My daughter came down with a virus called “Roseola” (have you heard of it?) and I was insanely busy cuddling a little monkey that wouldn’t leave my side. I’m not going to pretend that I didn’t love the all day baby snuggles, but it did hurt me to see her in so much pain.
However, her innocence in all of it reminded me so much of the importance in remaining who we are and I want to share with you why.
You see, I knew she had the virus, her Dad knew she had the virus, her Grandparents knew she had the virus, but she didn’t. She was a little under the weather and not completely up to her usual baby speed, but she was still happy, she was still smiling, she was still her adorable little baby self. I could tell she was a little slower than usual, and I could tell she was a little clingier than usual, but she didn’t know that anything was different. She felt how she felt and got on with her day. She still chased the cat around the house with every effort she could muster and she still squealed with joy with every back and forth on the swing she took.
Because she had no idea that she was experiencing what she was experiencing.
Her baby ways reminded me of something so important I learned along my journey. Her baby ways reminded me of this:
Language is so much more than words. It can change the way we perceive ourselves, it can change the quality of our thinking, it can change the nature of our subsequent emotions, it can even change the courses or paths we choose in our lives. Specifically, the language we use toward ourselves on an every day and moment to moment basis.
When I first realized I had “post partum anxiety,” some “post partum depression,” and some “post partum ocd,” I almost wore it like a badge. I told my husband-to-be that I had these things as if they were a part of me, a part of who I was. I innocently owned these labels as if they were why I was the way I was and I innocently owned these labels like they were the reason I was somehow “flawed,” and “crazy,” and they were the reason that there was “something wrong with me.”
The more I said it, and the more people I told, (in case I had to leave my baby with them for fear of going “crazy”) the more I believed it. The more I believed that I was flawed. The more I believed that I was crazy. The more I believed that there was something wrong with me.
What I did see so long ago, at the time, was that there was everything right with me. I had everything going for Me and I had everything I needed to feel better all along. It was that which was making me feel bad, was actually what helped me see that I was good. It was my anxiety showing me that I was innocently veering off course, away from my heart and who I was and into my thinking and stories of who I wasn’t.
I had all the wisdom I ever needed. I had all of the love I ever needed. I had all of the peace of mind I ever needed. But— I so innocently believed otherwise. I kept experiencing horrible thoughts (that were my mind’s innocent way of watching out for me and my baby), and I believed those thoughts, that patterned thinking over my wisdom, over who I truly was.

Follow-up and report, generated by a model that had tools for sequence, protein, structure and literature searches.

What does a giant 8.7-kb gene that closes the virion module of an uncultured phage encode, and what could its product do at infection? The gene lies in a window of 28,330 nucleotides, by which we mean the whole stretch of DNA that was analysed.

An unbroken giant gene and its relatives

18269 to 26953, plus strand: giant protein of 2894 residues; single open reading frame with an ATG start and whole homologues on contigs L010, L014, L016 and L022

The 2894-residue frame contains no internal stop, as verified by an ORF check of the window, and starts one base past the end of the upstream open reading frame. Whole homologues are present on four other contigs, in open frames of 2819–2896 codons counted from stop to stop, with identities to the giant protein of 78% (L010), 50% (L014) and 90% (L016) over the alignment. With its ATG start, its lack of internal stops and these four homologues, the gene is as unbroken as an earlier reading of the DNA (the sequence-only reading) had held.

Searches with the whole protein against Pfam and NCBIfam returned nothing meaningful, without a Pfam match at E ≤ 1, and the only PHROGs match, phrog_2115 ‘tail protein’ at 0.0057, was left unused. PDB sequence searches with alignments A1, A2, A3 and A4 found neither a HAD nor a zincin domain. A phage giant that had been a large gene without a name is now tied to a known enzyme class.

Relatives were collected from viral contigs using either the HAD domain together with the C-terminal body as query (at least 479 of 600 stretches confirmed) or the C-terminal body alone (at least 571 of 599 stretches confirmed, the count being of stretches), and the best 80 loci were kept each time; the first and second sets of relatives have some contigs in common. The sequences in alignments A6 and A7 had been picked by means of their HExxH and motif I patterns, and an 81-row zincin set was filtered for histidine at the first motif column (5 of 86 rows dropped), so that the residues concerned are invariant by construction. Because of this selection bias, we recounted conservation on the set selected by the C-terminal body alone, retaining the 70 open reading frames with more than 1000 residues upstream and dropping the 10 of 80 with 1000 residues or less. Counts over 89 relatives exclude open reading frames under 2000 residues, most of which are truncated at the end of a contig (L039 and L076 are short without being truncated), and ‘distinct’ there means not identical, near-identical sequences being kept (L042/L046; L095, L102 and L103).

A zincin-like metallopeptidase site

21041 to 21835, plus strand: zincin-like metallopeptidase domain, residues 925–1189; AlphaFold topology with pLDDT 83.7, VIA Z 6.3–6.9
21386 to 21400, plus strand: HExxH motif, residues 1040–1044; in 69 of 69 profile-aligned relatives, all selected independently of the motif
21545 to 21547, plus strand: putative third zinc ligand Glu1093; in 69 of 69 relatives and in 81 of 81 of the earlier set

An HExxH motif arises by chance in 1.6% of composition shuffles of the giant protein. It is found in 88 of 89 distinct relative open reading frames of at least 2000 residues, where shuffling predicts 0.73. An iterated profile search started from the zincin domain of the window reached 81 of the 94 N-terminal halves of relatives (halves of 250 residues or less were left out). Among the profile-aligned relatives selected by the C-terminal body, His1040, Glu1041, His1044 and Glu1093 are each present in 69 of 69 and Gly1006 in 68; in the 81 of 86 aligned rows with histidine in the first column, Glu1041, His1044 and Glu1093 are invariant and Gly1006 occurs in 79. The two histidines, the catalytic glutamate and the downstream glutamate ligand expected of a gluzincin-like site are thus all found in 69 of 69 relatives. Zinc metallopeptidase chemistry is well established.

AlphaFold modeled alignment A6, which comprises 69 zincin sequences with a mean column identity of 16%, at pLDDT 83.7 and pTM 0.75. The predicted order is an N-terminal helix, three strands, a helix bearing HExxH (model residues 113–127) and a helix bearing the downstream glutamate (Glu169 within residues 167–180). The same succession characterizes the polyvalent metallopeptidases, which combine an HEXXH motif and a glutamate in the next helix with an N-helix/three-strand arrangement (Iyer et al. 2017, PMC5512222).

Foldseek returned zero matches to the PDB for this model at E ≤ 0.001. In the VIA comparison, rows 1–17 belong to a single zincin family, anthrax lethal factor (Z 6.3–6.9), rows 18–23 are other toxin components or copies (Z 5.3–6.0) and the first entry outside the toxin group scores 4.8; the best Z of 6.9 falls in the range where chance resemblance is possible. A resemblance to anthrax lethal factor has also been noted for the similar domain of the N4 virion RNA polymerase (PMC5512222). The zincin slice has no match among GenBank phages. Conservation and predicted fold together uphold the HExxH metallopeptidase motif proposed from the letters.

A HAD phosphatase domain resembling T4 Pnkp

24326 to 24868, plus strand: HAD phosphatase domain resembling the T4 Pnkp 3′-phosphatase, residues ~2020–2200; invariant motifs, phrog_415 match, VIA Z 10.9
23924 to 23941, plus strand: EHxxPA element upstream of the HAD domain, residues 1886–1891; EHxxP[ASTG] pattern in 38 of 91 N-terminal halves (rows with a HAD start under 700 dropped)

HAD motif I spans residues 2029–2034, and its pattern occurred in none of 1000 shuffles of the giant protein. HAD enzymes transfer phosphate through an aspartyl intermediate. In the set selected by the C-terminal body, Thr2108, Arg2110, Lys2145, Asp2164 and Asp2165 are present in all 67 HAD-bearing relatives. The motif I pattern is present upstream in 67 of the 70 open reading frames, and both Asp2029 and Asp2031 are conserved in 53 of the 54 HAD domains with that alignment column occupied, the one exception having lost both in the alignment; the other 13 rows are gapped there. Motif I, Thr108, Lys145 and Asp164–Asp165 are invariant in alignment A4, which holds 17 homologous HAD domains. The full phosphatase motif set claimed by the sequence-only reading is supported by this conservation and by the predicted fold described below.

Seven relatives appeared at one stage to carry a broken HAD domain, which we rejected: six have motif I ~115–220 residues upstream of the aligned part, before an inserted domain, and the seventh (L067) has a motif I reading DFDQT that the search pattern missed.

Think of it like this. I was clear and had peace of mind, just like the clear blue sky on a gorgeous summer day. And then the clouds rolled in. They brought thunder and lightening and hail too. I got caught in the storm and lost sight of the clear blue sky. The clear blue sky that I was. I started believing the sun was somehow gone, that it would never shine again. That this new weather pattern was who I was now, (back then), and that I was deep in the storm and incapable of getting out. I believed that because I had “post partum anxiety,” that that was now who I was.
But I was wrong. I was so wrong. Having “post partum anxiety,” “depression,” and “ocd,” were an excellent description for the kind of weather that rolled in on a perfectly sunny day, but they certainly did not mean that the sun had somehow disappeared, or that it would never shine again.Not. At. All. These labels were great for understanding the nature of the content of thinking that I was experiencing, but they were not a description of who I was a person, who I was or wasn’t.They simply meant that from time to time I’d experience the rain, but like all natural weather patterns, I’d experience sun again too. I, my wisdom, my clarity, my peace was still very very much there even though I was able to describe to “my people” the kind of thinking I was feeling.
And what we need to collectively remember is that…
It never permanently rains. Thunderstorms never last forever. Hail rarely exceeds a day.And This is exactly how being human works. This is exactly how our thinking works. This is exactly how I saw my way out of my post partum experiences.
I saw that I was still who I was and I was there all along. I saw that I had a description and not an inherent flaw. I saw that experiencing human weather was much the same as experiencing the seasons changing.
I embraced each experience, each season for what it was. I stopped fearing the rain and I bought an umbrella. I started believing in Me again, in who I knew I was. I stopped believing that there was something wrong with me, and I started seeing that there was everything right with me.
And that this too, like the seasons and the sun and the wind and the rain, shall pass.